Why Is Mardi Gras called ‘Fat Tuesday’?

CCO Public Doman via PXHere

In the United States, the celebration is called Mardi Gras, and visitors from all over the world come to New Orleans, Louisiana, to celebrate a holiday known as “Fat Tuesday.” And while many may come to drink, enjoy a jazz parade, drink, eat gumbo, drink, and throw beaded necklaces at women to prompt them to lift their shirts, the question remains, “What is this holiday, and how did it get its name?”

In Western European countries, they call it “Carnival.” In Latin America, the word is “Carnivale,” and worldwide, it describes a period of ecstatic celebration involving public partying, colorful costumes, and a release of inhibition. In Rio de Janeiro, the world’s most famous Carnivale, over two million people come out to revel every day, joining large parades which feature groups dancing the samba.

In French Guiana, they celebrate in the Creole tradition. Creole is a term dating back to the colonial era, describing an ethnic group formed of the descendants of French settlers and native populations, primarily West African. This Carnival begins on the Epiphany, a Christian holiday to celebrate the visitation of the Wise Men to newborn Jesus, and ends on Ash Wednesday, a Christian day of prayer and fasting. In French Guiana, while Carnival is a Creole tradition, all are welcome to participate as the entire week is marked by eating galette de rois, or as it’s known in English “The Cake of Kings,” drinking champagne, and marching in large extravagant parades that feature floats, costumes, and dancing.

As New Orleans contains a large population descended from the Creole people, they have imported this Carnival tradition. The day is called “Fat Tuesday” in honor of the eating of rich fatty foods like the galette de rois on Shrove Tuesday. The following day, Ash Wednesday, is a solemn day of reflection and “shroving,” or confessing one’s sins and receiving absolution. The simplest way to describe Mardi Gras is a way to blow off steam before the holiday of Lent, which emphasizes sacrifice and introspection.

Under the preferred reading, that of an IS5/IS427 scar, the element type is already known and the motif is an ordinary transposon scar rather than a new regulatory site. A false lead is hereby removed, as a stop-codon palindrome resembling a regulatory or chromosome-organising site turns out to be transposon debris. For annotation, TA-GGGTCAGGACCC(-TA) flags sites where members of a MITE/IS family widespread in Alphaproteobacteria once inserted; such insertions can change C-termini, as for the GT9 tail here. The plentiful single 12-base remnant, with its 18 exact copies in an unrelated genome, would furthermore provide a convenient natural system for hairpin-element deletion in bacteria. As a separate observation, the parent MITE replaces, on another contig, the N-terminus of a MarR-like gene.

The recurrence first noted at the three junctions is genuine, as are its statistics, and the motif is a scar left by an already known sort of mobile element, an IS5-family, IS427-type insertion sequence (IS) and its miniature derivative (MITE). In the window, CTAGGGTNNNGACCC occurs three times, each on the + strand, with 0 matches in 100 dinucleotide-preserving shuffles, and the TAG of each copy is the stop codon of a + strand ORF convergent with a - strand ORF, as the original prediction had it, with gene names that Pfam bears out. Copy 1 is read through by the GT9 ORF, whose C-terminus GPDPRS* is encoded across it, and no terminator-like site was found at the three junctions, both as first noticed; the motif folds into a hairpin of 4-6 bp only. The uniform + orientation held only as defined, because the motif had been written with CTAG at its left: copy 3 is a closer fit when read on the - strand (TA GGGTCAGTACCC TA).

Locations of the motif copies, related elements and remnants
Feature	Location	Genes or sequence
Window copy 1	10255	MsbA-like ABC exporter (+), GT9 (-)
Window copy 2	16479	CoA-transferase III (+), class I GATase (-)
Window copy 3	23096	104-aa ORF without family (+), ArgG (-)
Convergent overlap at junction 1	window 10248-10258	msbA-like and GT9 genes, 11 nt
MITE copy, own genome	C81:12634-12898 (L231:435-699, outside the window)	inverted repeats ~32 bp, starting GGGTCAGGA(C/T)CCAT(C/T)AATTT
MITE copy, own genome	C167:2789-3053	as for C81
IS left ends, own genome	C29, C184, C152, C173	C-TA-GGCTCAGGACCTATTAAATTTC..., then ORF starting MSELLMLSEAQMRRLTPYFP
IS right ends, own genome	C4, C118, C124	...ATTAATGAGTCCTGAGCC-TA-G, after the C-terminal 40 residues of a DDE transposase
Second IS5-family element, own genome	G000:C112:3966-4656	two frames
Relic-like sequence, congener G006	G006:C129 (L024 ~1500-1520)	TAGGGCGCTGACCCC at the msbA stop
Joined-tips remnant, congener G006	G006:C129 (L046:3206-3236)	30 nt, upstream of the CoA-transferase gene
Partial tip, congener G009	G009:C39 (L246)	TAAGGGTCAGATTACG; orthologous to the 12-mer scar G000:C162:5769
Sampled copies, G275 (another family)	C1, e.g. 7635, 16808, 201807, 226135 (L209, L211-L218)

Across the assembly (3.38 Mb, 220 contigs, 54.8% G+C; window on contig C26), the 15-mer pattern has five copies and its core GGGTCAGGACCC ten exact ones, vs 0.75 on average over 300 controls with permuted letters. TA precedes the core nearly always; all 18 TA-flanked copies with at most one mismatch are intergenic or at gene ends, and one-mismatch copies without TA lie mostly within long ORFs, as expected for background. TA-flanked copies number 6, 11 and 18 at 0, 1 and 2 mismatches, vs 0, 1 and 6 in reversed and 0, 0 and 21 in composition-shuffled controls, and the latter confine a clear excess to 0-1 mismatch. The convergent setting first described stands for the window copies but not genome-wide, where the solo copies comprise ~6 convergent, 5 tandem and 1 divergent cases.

While dressing up isn’t mandatory in New Orleans during Carnival, you’ll certainly stick out in the crowd if you aren’t at least wearing feathers and a mask, and not dressing up is like showing up to the Super Bowl and refusing to watch the action on the field. The traditional celebratory colors of Mardi Gras costumes are purple, green, and gold. Costumes range from the simple (masks, feathers, glitter) to the traditional (Medieval attire, usually jester costumes, and fairies are the most popular) to the truly fabulous (the Bourbon Street Awards are known as the “most fabulous drag -queen contest in America).

Frenchquarter.com, a website devoted to the culture of New Orleans’ famous French Quarter, has a lot of practical advice for first-time revelers, including to dress warm, as the parade takes place at the end of winter, and to wear comfortable shoes, as you’re going to be walking around all day.

The Mardi Gras parades are organized by groups called “krewes,” who organize routes, performers, safety protocols, and sometimes even celebrity guests. The Krewe of Bacchus celebrates the historic God of Wine, and their “celebrity Bacchuses” have included Bob Hope, William Shatner, Hugh Laurie, and J.K. Simmons.

New Orleans isn’t the only city in the United States to celebrate Mardi Gras, and in Mobile, Alabama, home of the original Carnival in 1699, they take “party gras” seriously. While the southern town might seem an unlikely birthplace of American Creole debauchery, back before it was an official American territory, it was the French capital of Louisiana.

In fact, Dominique Lejeune, a 27-year old singer/radio DJ, recently went viral, coining the term “Deep Gras,” referring to the week of celebration in Mobile when everything in the city comes to a halt so that the city can really throw itself into party mode. After posting it to Instagram with a list of other Mardi Gras-related terms she invented, Lejeune has decided to trademark the phrase after it went viral without attribution.

However you describe it, whatever term you describe it by, Mardi Gras and the associated Carnival is one of those great worldwide traditions that will live on through a global pandemic and multiple wars and will be here for centuries to come.